Recently, an associate professor in the American Culture department at the University of Michigan drew headlines over his decision to deny a student a letter of recommendation for a semester-long study-abroad program at Tel Aviv University.

But this incident was not an isolated event; it exemplified a recent disturbing trend at the school.

Canary Mission, which is a blacklist of anti-Israel activists, academics and organizations, recently released a detailed report in June about the University of Michigan, whose student government passed a BDS resolution in November 2017 through secret ballot.

Initiated by Students Allied for Freedom and Equality (SAFE), the University of Michigan chapter of Students for Justice in Palestine (SJP), the resolution called for the academic institution to severe its connections to the Jewish state through “a ​​nonviolent​ ​way​ ​to​ ​put​ ​pressure” on the school, according to minutes from the Central Student Government (CSG) meeting, where the measure succeeded.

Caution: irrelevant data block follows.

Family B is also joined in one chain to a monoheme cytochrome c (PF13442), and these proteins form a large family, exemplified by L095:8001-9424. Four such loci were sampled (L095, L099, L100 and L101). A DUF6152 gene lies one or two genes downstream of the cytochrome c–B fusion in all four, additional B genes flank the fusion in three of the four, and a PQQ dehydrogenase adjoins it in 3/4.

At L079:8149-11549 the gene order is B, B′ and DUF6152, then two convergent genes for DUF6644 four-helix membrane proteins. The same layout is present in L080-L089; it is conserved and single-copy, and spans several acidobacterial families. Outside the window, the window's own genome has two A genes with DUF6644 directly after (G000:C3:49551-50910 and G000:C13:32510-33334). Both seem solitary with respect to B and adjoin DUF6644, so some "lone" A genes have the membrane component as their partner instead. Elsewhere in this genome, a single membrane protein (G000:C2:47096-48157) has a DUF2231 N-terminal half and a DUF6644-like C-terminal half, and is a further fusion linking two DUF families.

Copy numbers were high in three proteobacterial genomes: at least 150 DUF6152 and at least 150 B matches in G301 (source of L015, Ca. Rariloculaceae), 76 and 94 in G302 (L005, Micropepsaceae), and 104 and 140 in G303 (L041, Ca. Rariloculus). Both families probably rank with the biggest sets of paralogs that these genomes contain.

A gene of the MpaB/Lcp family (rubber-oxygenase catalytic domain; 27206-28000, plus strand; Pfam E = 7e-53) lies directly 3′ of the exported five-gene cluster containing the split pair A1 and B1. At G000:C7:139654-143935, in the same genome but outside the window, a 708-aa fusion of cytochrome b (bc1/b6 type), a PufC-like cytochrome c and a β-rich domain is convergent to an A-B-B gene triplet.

Forty individuals were key to the resolution’s success: four SAFE activists were behind the #UMDivest campaign, which was launched a month before the resolution’s passage; four co-authors and one co-sponsor of the resolution, three of whom affiliated with SAFE; four professional BDS activists spoke in favor of the resolution; five pro-BDS students, including the CSG vice president, in addition to seven representatives, also advocated for the resolution; and 15 representatives who voted for the measure.

SAFE members denied that the resolution was related to BDS. “We are not BDS; we are just divestment,” Arwa Gayar, told the CSG last year on Nov. 7.

“This is not part of the BDS movement,” Yara Gayar told the CSG during the resolution vote on Nov. 14.

“We really want to distinguish ourselves from the leaders of the broader BDS movement,” Reema Kaakarli said, attempting to refute that it was a BDS resolution.